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In fields as diverse as currency-exchange-rate forecasting and protein-folding simulations to better understand Alzheimer’s and other diseases, computational engineering (CE) has demonstrated that high-performance computing can address difficult, large-scale, scientific and engineering problems—the kind the Department of Defense (DoD) faces in the acquisition of air vehicles, ships, and other major assets.
To realize the potential CE offers, the DoD knows it must overcome some challenges for using CE in acquisitions of software-reliant systems. In FY2009, the SEI began work that can lead to extending best software engineering practices to CE through a study and a workshop for the DoD-sponsored Computational Research and Engineering Acquisition Tools and Environments (CREATE) program.
CE often requires the development of sizeable amounts of complex software to accurately represent multi-dimensional mathematical models and physical phenomena. However, the scientists who are developing that software typically are not formally trained in software engineering. They develop application codes with an eye towards solving an immediate problem, but without a systematic approach to assuring critical quality attributes such as performance, portability, and robustness or to evolving codes over the 20- to 50-year life spans of major DoD assets.
“Computational engineering software development lacks investment in costeffective infrastructure, doesn’t use state-of-the-art development tools or best software engineering practices, and has not dealt with production quality issues,” says David Fisher of the SEI, who acted as the CREATE program’s chief engineer in FY2009.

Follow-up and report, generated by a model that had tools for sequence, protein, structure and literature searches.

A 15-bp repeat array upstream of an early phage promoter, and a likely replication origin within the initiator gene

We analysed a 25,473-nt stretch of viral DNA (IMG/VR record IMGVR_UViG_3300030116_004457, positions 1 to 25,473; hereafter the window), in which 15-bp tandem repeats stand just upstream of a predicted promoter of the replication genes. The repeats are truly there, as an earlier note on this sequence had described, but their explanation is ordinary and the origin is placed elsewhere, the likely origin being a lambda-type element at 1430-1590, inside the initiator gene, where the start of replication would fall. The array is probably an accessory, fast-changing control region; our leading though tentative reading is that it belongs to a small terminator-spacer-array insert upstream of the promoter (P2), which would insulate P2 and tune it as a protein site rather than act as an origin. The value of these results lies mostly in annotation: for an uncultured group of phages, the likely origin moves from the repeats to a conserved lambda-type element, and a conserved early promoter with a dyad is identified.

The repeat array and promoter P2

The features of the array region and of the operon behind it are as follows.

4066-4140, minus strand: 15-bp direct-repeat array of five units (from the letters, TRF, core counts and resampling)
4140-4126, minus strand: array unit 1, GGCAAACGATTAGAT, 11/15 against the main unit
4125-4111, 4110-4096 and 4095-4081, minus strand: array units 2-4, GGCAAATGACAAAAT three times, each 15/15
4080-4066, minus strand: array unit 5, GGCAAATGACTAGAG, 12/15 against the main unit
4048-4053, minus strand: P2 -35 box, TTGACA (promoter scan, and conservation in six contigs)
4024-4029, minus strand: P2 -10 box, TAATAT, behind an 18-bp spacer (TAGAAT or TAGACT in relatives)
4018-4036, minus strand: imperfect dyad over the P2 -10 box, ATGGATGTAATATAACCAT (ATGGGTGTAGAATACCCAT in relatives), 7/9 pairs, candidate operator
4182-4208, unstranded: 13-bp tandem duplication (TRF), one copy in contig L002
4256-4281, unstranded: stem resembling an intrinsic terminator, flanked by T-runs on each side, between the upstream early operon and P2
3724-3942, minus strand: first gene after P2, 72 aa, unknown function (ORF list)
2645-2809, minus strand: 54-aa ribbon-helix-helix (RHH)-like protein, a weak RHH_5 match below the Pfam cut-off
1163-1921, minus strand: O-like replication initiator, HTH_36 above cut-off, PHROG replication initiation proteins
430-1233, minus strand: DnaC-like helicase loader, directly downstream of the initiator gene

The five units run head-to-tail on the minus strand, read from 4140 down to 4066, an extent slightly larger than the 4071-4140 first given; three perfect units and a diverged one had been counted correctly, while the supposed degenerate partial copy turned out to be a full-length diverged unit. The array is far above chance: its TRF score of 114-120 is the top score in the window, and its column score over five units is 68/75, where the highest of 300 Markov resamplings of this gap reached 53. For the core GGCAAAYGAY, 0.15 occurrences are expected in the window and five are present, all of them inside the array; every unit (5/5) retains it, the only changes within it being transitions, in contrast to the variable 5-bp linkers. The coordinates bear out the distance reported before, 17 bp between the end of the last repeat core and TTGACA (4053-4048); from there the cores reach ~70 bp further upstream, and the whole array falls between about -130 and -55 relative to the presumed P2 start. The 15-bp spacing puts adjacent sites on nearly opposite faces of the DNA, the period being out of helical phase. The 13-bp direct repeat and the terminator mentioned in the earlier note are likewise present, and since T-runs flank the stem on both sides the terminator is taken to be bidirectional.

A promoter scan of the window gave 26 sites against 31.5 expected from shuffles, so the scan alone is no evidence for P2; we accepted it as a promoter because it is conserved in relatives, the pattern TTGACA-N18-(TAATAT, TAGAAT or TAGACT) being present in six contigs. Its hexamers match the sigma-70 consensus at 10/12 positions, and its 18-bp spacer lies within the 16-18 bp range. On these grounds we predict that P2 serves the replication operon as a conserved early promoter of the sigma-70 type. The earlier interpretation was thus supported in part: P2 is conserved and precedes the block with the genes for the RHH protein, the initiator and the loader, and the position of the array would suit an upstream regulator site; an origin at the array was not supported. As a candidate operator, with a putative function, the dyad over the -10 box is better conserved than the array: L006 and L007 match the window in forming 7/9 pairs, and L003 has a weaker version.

In addition, CE scientists need to become software developers for DoD asset design engineers, rather than being solely user-developers, according to Lisa Brownsword of the SEI, who conducted the study with colleagues Jim Smith and Phil Boxer. “Although developing for users with a different background is the typical case for most professional software developers, it is a new paradigm for scientist-developers,” Brownsword says.
The use of CE in modeling climate change, processing seismic data for oil and gas discovery, simulating aero-acoustic effects in defense and aerospace work, and the like is somewhat remote for most people. But CE also predicts behavior for more common things, such as the tires on the family car or diapers on the baby riding in the back seat of that car. Tires are made of composite materials (rayon, steel, nylon) that react differently to temperature and load conditions among other factors. Predicting how a composite “system” of materials will behave requires complex modeling. And computational fluid dynamics can model how well a diaper’s absorbent material will wick moisture away.
In its study, the SEI looked into existing CE software development capabilities, current and potential uses of CE for engineering decisions across the acquisition life cycle of DoD assets, and the gaps between current capabilities and the future needs of DoD asset design engineers. In the workshop, the SEI gathered 18 experts to develop a strategy and define software engineering practices for CREATE products.
“Our work with CREATE provides a unique opportunity for the SEI to engage with a community that is moving from developing and using complicated software as tools to support its own science agenda to providing tools to design engineers trying to solve complex DoD asset design and analysis problems,” says Brownsword.